Truth, deduction, computation   lecture i (last one)
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Truth, deduction, computation lecture i (last one)

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My logic lectures at SCU

My logic lectures at SCU
set theory, ZFC

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Truth, deduction, computation lecture i (last one) Presentation Transcript

  • 1. Truth, Deduction, Computation Lecture I Set Theory, ZFC axioms Vlad Patryshev SCU 2013
  • 2. Sets, Formally (ZFC) Abraham Fraenkel Ernst Friedrich Ferdinand Zermelo (pronounced [tsermelo]) Axiom of Choice
  • 3. ZFC Axioms 1. 2. 3. 4. 5. 6. 7. 8. 9. 10. Extensionality Axiom Axiom of Empty Set Comprehension Axiom Schema (filter) Axiom of Pair Axiom of Union Replacement Axiom Schema (map) Axiom of Infinity Powerset Axiom Foundation Axiom Axiom of Choice
  • 4. Extensionality A=B ≡ ∀x ((x∈A) ↔ (x∈B)) That’s it. We can prove symmetry, associativity, reflexivity.
  • 5. Axiom of Empty Set ∃A ∀x (¬x∈A) denoted as ∅ Why do we need it? Because all other axioms assume existence of sets; this one states an existence.
  • 6. Comprehension Axiom Schema A is a set ⊢ {x∈A | P(x)} is a set ● Note that we have no rule allowing to build something like {x | x=x} or even {x | x=1} ● Do you see that {x∈A | true} = A? ● It does not give us ∅ ● Also, it does not give us union of two sets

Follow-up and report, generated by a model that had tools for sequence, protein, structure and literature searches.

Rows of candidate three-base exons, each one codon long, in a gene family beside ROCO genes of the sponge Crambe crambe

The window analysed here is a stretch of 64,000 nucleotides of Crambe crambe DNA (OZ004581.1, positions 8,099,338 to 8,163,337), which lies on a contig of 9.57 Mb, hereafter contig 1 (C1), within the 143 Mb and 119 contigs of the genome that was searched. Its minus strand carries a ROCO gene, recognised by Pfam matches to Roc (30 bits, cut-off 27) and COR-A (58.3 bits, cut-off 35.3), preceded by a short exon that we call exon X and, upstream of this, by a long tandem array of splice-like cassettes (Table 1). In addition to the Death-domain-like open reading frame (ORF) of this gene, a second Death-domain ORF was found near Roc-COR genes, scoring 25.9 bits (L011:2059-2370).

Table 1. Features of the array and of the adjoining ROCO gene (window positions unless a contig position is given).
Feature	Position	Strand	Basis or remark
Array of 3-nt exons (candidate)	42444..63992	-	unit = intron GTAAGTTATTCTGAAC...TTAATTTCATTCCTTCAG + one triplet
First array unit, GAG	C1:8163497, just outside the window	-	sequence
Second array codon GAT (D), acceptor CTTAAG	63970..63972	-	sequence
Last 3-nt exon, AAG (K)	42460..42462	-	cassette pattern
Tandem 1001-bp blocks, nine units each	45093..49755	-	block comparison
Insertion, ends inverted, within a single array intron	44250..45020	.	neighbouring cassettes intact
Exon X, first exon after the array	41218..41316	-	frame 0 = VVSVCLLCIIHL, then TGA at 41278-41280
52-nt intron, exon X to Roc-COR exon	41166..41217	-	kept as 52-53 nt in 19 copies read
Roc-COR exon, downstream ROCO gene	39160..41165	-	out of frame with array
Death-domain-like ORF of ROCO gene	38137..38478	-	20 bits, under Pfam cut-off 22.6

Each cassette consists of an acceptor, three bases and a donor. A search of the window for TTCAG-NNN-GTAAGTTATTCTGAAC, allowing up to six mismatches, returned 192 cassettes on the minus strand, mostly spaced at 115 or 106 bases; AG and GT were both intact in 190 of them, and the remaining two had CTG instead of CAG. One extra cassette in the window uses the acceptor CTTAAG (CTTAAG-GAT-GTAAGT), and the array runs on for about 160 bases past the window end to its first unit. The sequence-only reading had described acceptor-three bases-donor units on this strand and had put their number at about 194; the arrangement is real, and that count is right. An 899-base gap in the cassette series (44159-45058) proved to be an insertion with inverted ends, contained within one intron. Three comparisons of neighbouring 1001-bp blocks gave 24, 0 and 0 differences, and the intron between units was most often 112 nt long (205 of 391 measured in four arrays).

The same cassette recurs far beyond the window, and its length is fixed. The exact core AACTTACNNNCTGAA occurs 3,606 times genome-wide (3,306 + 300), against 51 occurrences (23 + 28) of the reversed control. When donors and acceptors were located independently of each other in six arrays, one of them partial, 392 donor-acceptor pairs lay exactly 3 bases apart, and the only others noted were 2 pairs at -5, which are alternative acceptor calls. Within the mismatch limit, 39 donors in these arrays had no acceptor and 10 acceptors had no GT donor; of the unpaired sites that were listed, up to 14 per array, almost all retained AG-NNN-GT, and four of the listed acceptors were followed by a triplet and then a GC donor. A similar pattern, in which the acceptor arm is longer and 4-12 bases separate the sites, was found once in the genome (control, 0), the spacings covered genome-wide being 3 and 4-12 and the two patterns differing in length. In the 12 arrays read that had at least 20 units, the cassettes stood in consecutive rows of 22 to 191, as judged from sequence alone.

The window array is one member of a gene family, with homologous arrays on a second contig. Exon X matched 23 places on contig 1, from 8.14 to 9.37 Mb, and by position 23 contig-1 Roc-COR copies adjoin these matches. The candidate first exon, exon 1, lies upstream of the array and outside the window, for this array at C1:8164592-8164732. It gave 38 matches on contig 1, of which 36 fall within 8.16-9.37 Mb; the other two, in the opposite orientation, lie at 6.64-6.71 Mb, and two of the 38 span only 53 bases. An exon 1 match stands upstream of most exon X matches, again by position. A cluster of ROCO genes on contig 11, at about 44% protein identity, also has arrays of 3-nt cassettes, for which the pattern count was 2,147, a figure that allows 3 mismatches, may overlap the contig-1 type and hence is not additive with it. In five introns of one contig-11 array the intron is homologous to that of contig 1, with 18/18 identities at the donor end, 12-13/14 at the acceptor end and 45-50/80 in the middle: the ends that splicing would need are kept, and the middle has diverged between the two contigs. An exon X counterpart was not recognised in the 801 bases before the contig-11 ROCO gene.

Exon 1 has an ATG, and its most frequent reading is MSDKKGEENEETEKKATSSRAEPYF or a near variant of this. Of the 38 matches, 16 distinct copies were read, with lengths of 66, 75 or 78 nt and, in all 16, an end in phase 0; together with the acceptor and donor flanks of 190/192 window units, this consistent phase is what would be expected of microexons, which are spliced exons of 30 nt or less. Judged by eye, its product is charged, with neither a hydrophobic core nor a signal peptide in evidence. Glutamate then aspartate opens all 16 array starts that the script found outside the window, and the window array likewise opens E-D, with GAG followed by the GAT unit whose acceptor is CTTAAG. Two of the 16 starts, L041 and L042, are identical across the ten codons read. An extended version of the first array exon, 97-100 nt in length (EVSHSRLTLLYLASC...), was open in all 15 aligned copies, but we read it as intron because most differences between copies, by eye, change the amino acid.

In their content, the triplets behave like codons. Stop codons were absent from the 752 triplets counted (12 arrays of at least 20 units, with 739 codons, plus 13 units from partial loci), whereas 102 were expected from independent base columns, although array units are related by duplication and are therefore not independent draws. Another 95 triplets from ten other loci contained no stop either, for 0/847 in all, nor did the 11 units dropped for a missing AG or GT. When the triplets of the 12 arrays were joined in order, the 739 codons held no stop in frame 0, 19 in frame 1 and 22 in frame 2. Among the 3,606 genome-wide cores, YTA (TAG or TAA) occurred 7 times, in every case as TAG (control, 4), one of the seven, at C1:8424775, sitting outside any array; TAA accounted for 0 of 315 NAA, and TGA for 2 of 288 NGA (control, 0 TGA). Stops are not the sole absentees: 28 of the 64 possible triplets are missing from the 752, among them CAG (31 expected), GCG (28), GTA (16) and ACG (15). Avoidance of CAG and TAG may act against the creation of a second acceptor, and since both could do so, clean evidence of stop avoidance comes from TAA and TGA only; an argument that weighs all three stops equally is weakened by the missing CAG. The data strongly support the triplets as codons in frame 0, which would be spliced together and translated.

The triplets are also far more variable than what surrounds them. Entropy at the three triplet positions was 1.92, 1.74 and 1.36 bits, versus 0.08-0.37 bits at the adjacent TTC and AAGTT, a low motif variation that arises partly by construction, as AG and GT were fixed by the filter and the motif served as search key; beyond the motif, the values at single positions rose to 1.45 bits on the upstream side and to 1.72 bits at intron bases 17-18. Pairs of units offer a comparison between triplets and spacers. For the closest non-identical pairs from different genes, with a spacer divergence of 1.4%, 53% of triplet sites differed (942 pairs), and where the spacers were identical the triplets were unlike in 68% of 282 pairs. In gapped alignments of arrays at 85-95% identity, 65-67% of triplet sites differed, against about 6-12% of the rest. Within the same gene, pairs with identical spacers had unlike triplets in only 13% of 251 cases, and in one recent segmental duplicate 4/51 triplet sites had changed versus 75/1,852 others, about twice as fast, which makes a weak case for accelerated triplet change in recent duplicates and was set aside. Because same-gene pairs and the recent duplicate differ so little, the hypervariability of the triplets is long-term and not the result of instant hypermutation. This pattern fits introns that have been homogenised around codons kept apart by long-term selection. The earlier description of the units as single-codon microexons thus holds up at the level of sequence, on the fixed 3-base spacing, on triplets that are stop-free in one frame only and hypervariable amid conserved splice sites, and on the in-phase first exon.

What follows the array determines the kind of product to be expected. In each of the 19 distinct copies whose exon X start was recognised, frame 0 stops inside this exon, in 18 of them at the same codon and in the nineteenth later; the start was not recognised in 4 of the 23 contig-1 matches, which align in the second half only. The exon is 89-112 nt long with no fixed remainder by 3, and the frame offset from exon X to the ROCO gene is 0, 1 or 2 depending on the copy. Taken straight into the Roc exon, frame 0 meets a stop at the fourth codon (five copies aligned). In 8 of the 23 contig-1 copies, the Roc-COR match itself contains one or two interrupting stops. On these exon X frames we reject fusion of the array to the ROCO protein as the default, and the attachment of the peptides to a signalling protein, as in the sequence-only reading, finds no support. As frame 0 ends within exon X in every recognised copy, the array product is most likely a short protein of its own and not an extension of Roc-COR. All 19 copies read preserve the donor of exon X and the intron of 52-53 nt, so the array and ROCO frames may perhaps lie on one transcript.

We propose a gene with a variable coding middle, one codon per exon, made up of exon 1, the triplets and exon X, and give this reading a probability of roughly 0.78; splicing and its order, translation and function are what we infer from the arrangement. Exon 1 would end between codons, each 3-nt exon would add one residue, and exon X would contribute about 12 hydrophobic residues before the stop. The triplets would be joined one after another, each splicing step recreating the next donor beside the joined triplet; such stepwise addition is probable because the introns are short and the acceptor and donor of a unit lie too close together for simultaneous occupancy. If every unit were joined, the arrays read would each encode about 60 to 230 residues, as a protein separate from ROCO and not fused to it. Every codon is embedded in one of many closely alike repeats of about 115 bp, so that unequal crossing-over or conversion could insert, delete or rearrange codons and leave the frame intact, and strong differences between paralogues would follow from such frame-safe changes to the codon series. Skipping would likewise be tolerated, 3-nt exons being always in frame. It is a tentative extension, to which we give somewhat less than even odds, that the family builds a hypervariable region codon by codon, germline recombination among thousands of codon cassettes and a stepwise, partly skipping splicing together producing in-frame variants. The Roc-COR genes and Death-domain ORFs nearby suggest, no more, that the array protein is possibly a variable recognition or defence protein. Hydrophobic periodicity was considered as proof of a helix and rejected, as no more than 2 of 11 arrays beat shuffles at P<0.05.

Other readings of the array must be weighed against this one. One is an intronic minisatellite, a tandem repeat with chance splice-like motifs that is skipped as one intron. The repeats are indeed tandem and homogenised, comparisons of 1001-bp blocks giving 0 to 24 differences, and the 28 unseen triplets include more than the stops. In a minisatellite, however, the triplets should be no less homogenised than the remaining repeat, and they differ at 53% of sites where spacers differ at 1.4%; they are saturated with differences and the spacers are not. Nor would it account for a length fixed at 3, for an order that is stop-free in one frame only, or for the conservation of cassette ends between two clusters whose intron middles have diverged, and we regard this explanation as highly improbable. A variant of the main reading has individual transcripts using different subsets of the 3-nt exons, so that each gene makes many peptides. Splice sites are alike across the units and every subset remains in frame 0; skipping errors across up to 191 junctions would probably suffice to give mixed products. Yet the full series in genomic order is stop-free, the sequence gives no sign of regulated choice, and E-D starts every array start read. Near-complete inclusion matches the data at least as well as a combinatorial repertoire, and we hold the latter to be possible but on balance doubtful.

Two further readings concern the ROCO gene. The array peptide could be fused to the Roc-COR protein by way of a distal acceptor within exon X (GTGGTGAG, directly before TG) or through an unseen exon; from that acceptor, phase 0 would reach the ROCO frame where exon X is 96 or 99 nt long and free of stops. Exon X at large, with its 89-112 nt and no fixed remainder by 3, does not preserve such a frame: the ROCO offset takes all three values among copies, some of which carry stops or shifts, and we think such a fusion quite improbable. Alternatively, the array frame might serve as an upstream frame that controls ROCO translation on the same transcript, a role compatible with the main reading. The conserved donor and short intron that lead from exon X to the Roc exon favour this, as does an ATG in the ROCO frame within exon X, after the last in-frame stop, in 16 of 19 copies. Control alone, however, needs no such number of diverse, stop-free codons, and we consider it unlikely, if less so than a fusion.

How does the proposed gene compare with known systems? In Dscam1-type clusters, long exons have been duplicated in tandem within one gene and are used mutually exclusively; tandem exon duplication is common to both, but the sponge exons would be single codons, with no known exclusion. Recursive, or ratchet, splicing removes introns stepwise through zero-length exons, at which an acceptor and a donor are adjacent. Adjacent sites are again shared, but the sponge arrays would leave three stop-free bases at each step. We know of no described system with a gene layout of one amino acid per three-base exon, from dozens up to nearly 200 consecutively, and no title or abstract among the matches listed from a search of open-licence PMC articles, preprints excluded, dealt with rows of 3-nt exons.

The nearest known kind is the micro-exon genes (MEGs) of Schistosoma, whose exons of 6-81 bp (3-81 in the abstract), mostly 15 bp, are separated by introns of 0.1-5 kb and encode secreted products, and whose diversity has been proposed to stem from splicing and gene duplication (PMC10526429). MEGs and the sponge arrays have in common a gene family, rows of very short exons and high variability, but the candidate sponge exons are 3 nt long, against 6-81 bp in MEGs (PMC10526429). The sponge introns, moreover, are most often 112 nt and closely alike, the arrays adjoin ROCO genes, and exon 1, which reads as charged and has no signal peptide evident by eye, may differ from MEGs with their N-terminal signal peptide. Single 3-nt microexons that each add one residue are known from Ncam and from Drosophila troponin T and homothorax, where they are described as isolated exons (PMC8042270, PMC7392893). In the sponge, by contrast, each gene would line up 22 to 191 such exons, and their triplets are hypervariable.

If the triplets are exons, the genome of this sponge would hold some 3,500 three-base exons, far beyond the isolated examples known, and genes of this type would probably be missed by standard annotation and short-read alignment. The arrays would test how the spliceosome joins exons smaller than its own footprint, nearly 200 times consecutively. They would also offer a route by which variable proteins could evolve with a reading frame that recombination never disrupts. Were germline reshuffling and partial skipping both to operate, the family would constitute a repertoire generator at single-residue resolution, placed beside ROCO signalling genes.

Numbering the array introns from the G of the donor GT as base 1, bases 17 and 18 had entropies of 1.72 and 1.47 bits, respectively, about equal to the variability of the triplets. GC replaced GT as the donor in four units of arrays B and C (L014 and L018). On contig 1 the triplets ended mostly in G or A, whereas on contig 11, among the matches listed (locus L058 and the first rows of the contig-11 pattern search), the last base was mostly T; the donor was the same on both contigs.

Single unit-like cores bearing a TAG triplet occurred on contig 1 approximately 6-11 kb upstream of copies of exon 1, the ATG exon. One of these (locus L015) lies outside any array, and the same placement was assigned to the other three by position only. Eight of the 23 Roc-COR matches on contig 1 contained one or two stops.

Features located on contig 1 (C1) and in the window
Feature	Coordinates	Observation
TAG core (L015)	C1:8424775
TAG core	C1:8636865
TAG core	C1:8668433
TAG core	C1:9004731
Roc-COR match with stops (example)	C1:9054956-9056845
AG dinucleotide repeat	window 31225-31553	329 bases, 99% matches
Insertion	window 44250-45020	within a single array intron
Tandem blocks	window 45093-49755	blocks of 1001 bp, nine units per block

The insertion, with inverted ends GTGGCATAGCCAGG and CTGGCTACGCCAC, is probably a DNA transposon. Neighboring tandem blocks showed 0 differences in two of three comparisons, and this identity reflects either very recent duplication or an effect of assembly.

• 7. Axiom of Pairing ∀x ∀y ∃A (x∈A ∧ y∈A) ● Notation: {a,b} = {x∈?|x=a v x=b} (here we made a choice of an A… not very pure) ● x∈{a,b} ↔ (x=a v x=b) ● Now we can, given an x, build {x} ● We can also build an unlimited number of sets: ∅, {∅}, {{∅}}, {{{∅}}}... ● Introduce ordered pair: {x, {x,y}} (problems?) ● Kuratowski pair: {{x}, {x,y}}
  • 8. Axiom of Union ∀A ∃B ∀y ∀x((x∈y ∧ y∈A) → x∈B) ∪{y∈A} ≡ {x∈? | ∃y (y∈A)} X ∪ Y ≡ ∪{a∈{X,Y}} = {x∈? | x∈X v x∈Y} E.g. ● A={{a,b}, {b,c,d}} ∪A = {a,b,c,d} ● ∪∅ = ∅ ● ∪{x} = x
  • 9. Replacement Axiom Schema ∀A (∀x(x∈A → (∃!y P(x,y))) ⊢ ∃B ∀x(x∈A → (∃y (P(x,y)∧ y∈B)) In other words, if we have a function f defined on A, we can say that its image B is a set.
  • 10. Axiom of Infinity ∃X (∅∈X ∧ ∀y (y∈X → S(y)∈X)) where S(y) ≡ y ∪ {y} Do you recognize Peano Natural Numbers? The axiom says: we have natural numbers.
  • 11. Axiom of Powerset ∀x∃y∀z (z⊂x → z∈y) where A⊂B ≡ ∀x ((x∈A)→(x∈B)) P(X) ≡ {z∈?/*maybe an y from above*/|z⊂X} ● A⊂B here means non-strict subset. E.g. A⊂A ● Now we have ℵ1 ● Can |x| = |P(x)|? No (see Russell paradox)
  • 12. Well-founded Relationship R ⊂ A×A is well-founded iff ∀S⊂A (S=∅ v (∃x∈S ∀y∈S ¬xRy)) ● ● ● ● ● xRy means (x,y) ∈ R E.g. partial order on N, a>b Counterexample: a<b on N Counterexample: aRb, bRc, cRa Can use generalized induction (Noether)
  • 13. Foundation Axiom ∀x (x=∅ v (∃y∈x (¬∃z (z∈y∧z∈x)) ● ● ● ● No set is an element of itself (Quine atoms outlawed) No infinite descending sequence of sets exists No need for Kuratowski pairs For every two sets, only one can be an element of the other
  • 14. Axiom of Choice (AC) ∀x (∅∉x v (∃f:(x→∪x) (∀y∈x f(y) ∈y)) What it means ● every set can be fully ordered ● f:X→Y is surjection ⊢ f has an inverse ● Banach-Tarski paradox Alternatively: Axiom of Determinacy
  • 15. There’s a Java implementation https://gist.github.com/vpatryshev/7711870
  • 16. That’s it. Thanks for listening.